HAMLET

The good news is, millions of hormonally supercharged young girls may get turned on, if you’ll pardon the expression, to Shakespeare thanks to heartthrob Ethan Hawke’s portrayal of Hamlet. The bad news is, they’ll be so confused and bored to tears by this mess that they’ll be too traumatized to ever read one of ol’ Bill’s plays. This film just plain didn’t need to be made. And, to get it out of the way right off the bat, no, Ethan Hawke can’t do Shakespeare. Determinedly sullen and brooding, Hammie returns to modern day New York City. (He’s also a would-be filmmaker, which is an immediate two-star deduction. Enough with movies about filmmakers, already!) His father, (Sam Shepard in one of this film’s few bright spots) the head of the Denmark Corporation, has been killed and suspicions swirl around Hamlet’s uncle Claudius (Kyle Machlachlan). That he’s assumed the CEO position at Denmark Corp and married his late brother’s wife Gertrude (Diane Venora) isn’t helping Claudius any. From here, things rapidly become obtuse, due, I suspect, to Almereyda’s regrettable decisions to cull the play down into something that runs less than two hours and emphasizing visual imagery over Shakespeare’s words (and how arrogant is that?!) The end result is the worst of both worlds; an emasculated version of a masterpiece — sort of a “Hamlet’s Greatest Hits” — that feels more tedious than the original ever could in all its four hour glory. “William Shakespeare’s Romeo and Juliet” did this same schtick a few years ago; a film that set that classic play in a buzzsaw-edged, near-future urban environment while retaining the original text. The effect was startling, controversial and electrifying. Here, it’s just a stale and at times laughable stylistic retread. The beauty and rhythm of the text are ruined and the cast’s general inability to “do” Shakespeare, roughly akin to an untrained guy from the Bronx trying to pull off a Cajun accent, led to several instances of the audience guffawing in derision. I would have joined ‘em if I hadn’t been so ticked.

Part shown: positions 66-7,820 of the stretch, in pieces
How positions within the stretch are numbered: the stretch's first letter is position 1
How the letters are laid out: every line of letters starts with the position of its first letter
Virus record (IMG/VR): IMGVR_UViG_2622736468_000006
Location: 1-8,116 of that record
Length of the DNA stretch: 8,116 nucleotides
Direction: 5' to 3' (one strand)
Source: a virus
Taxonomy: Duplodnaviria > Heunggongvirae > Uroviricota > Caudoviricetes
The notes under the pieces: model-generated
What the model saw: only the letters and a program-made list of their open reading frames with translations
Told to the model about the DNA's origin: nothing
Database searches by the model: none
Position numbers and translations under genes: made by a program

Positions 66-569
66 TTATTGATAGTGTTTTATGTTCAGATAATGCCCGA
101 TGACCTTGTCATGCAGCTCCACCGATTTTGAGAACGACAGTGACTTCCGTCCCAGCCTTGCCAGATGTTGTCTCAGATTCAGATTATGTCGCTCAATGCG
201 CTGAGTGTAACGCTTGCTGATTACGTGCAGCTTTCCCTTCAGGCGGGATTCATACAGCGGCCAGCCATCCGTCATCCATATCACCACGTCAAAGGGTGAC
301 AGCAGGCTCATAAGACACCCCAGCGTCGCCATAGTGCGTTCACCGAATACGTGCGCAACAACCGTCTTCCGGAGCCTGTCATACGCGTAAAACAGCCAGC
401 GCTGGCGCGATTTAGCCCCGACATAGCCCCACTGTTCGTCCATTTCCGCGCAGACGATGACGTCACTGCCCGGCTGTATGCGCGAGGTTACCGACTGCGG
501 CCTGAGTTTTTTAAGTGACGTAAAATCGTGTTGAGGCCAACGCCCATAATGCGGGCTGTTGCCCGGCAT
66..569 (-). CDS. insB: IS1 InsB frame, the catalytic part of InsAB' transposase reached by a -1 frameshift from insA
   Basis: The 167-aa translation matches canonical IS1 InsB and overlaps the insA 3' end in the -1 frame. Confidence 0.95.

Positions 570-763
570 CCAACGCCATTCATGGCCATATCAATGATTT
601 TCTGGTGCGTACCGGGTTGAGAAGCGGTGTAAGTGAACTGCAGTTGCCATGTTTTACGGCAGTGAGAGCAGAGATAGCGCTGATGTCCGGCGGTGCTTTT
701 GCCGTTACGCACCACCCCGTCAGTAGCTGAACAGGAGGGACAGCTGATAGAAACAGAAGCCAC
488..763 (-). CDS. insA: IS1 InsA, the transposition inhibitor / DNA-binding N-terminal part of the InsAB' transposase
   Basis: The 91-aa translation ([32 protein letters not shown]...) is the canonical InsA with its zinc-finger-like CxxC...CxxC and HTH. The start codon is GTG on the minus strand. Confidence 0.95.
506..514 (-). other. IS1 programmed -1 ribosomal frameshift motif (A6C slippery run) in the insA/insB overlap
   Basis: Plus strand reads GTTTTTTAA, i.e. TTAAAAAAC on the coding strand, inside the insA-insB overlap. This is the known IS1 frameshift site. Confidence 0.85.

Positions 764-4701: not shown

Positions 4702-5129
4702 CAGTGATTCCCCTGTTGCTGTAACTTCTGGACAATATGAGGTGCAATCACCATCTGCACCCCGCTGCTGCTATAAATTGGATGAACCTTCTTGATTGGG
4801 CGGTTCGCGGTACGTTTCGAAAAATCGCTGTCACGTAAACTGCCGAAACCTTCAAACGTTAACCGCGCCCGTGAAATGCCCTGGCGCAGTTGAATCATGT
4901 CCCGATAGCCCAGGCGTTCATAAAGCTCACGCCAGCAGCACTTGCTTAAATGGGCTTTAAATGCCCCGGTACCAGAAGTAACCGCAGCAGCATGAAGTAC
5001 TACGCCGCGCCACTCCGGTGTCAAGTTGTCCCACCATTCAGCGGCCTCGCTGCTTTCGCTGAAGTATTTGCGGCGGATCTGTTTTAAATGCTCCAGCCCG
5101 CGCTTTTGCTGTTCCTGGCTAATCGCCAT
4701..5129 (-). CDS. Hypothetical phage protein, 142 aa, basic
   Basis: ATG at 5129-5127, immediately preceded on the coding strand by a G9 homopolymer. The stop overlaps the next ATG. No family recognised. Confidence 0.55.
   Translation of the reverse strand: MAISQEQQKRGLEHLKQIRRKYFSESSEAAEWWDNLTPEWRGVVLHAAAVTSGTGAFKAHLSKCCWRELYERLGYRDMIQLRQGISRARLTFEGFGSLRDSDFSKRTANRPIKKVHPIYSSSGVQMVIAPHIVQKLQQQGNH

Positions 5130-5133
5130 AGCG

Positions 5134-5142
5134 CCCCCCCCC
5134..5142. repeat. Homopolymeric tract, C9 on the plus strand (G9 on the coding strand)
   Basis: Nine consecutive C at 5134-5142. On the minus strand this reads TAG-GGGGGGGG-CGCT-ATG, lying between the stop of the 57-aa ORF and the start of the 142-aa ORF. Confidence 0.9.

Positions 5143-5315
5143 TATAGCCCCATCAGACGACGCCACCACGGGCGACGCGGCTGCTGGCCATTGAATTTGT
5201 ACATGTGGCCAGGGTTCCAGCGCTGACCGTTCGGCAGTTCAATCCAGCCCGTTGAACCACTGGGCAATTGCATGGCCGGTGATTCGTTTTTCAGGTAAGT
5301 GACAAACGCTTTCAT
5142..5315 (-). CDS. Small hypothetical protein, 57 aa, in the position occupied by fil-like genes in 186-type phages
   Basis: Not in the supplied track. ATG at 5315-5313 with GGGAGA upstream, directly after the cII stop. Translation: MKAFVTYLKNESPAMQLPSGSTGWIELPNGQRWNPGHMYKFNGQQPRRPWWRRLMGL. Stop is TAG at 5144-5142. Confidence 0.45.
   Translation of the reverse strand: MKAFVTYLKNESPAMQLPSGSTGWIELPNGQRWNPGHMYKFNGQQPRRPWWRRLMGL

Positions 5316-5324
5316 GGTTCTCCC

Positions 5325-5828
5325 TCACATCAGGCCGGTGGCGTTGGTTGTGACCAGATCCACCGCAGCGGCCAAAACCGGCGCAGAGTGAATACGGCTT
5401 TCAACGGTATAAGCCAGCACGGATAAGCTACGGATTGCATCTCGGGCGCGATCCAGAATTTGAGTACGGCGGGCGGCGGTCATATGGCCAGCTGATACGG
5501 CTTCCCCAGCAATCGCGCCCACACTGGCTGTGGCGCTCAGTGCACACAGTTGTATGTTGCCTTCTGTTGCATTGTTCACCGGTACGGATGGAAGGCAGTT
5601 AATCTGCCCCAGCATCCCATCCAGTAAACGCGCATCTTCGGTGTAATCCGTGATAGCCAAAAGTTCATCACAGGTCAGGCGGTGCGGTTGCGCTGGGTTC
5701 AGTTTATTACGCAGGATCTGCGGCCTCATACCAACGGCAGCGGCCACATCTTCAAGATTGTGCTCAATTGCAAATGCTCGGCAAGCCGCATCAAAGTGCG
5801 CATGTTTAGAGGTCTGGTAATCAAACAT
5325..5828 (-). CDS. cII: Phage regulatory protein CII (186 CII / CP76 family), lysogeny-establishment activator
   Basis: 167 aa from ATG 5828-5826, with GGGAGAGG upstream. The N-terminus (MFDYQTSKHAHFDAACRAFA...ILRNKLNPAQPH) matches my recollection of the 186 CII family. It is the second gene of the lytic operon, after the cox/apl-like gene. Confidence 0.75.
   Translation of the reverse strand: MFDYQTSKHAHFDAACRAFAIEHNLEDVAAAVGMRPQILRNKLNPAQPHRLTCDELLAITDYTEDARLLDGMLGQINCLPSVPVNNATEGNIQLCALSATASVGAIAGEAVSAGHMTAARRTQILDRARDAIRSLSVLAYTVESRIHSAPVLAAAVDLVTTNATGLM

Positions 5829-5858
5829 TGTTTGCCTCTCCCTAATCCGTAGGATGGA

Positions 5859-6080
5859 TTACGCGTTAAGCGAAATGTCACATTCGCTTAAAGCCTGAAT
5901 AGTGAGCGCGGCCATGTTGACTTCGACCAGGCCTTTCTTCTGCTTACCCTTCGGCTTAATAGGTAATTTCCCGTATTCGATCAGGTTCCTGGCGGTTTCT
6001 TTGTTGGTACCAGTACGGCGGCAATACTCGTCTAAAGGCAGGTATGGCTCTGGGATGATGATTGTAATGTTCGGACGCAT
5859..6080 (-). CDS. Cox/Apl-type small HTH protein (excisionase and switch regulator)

Posted on March 27, 2000 in Reviews by
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